Advanced Microscopy and Characterisations and Light alloys
Dr A Gholinia
Prof J Robson
No more applications being accepted
Competition Funded PhD Project (European/UK Students Only)
Pressing of complex parts from 2xxx, 6xxx, 7xxx alloy sheets are used for automotive, aerospace, mass transport and consumer electronics markets. During the process, the material blank is heated to achieve full solutionisation before forming under defined conditions and rapid quenching in the tools. The pressed part is removed in a W temper condition, retaining the maximum solute ready for ageing to the properties required for the application.
To maximise the product quality and cost effectiveness of the process, it is necessary to fully understand the microstructural evolution. In particular, the relationship between the recrystallisation and recovery processes during deformation at high temperature and the subsequent precipitation ageing. Does the dislocation density have a critical effect on the precipitation kinetics?
There is a lot of research in the field of quantifying strain (such as mis-orientation and dislocation density measurements) and predicting material deformation (such as Schmid and Taylor factors), however the comparison of quantification and predictions do not always match. Furthermore, the link between Geometrically Necessary Dislocations (GND) and deformation paths need to be studied to achieve more accurate predictions. In the recent years the in-situ deformation in Scanning Electron Microscopy (SEM) and Electron Back Scatter Diffraction (EBSD) technology has improved, which are valuable tools to help with this project.
The University of Manchester, on using Electron Channelling Contrast Imaging (ECCI) combined with EBSD can quantify the total dislocation density in differently oriented crystals. Combining EBSD data and ECCI data would generate large datasets allowing almost complete material characterisation from one microscopy experiment. Moreover, the dislocation density data would be total rather than just the GND calculated from EBSD maps of subgrains, more statistically significant than that derived from Transmission Electron Microscopy (TEM) and more site specific than that generated from XRD line broadening experiments. Site specific characterisation can be done with preparing electron transparent samples with focused ion beam (FIB). The quantification of deformation can be done with transmission Kikutchi diffraction (TKD) in SEM and TEM. These techniques will be used for comparison. In-Situ tensile, heating experiments and EBSD in SEM will give additional information about grain orientation and mechanical properties.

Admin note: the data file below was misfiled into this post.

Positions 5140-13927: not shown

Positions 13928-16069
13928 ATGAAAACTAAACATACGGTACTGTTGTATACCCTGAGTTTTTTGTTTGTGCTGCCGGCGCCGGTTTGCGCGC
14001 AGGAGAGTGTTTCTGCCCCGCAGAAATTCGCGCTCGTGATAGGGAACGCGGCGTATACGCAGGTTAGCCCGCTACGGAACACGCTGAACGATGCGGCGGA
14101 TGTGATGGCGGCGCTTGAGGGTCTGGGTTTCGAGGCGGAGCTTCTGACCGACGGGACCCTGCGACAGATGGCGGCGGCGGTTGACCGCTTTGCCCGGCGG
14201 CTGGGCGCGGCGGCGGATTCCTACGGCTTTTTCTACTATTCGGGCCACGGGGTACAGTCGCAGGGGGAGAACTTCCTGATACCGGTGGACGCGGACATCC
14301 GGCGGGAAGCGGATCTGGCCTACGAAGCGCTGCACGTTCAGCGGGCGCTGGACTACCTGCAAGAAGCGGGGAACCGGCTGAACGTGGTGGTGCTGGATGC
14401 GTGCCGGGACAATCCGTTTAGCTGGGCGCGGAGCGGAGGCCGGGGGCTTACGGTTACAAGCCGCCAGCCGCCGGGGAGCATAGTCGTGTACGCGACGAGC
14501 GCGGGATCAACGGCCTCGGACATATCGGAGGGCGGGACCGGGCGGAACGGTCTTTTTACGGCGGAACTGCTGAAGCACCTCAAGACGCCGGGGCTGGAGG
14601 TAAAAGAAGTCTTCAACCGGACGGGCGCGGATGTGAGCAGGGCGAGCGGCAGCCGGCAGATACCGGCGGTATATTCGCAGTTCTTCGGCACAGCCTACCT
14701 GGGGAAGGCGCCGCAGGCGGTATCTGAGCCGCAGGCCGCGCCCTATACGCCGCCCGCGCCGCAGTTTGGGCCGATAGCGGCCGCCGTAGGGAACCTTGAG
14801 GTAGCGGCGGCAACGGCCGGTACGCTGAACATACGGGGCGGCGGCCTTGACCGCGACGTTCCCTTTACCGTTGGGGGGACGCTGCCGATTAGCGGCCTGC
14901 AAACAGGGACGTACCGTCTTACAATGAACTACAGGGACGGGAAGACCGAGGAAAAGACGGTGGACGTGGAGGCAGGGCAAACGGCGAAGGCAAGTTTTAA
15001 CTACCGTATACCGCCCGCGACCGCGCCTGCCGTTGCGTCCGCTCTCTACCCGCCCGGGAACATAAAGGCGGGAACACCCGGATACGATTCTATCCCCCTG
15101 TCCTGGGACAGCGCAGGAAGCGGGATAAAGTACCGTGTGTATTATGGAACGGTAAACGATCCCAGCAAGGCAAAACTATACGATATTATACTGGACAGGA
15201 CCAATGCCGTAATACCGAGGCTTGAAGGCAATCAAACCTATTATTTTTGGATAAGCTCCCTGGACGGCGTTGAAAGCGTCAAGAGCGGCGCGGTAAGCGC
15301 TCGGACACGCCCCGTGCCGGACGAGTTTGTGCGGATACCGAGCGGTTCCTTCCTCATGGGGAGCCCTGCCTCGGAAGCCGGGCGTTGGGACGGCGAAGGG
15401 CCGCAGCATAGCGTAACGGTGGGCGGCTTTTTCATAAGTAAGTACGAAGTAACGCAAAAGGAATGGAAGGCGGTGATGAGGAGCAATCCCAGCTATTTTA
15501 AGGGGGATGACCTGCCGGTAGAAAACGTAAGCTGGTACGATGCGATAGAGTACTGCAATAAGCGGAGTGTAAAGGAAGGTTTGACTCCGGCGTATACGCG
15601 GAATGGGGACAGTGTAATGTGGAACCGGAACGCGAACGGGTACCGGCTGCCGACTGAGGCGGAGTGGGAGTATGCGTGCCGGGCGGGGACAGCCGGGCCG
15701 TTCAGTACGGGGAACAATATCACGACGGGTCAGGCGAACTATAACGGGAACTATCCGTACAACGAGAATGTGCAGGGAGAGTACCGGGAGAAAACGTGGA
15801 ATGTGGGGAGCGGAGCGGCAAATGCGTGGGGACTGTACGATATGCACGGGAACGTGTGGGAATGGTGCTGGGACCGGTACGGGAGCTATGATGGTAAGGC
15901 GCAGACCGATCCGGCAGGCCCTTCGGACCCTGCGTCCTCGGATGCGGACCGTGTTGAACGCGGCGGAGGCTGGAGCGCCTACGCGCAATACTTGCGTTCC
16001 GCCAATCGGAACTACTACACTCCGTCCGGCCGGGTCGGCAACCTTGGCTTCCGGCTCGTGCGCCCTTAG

Applicants should have or expect to achieve at least a 2.1 honours degree in Chemical Engineering, Materials Science, Physics, Chemistry or related disciplines.
This project is being considered for DTA funding. This would provide a full fee waiver and a EPSRC minimum stipend. International applicants are welcome to apply but will require access to self-funding.
How good is research at The University of Manchester in Electrical and Electronic Engineering, Metallurgy and Materials?
Metallurgy and Materials
FTE Category A staff submitted: 44.00
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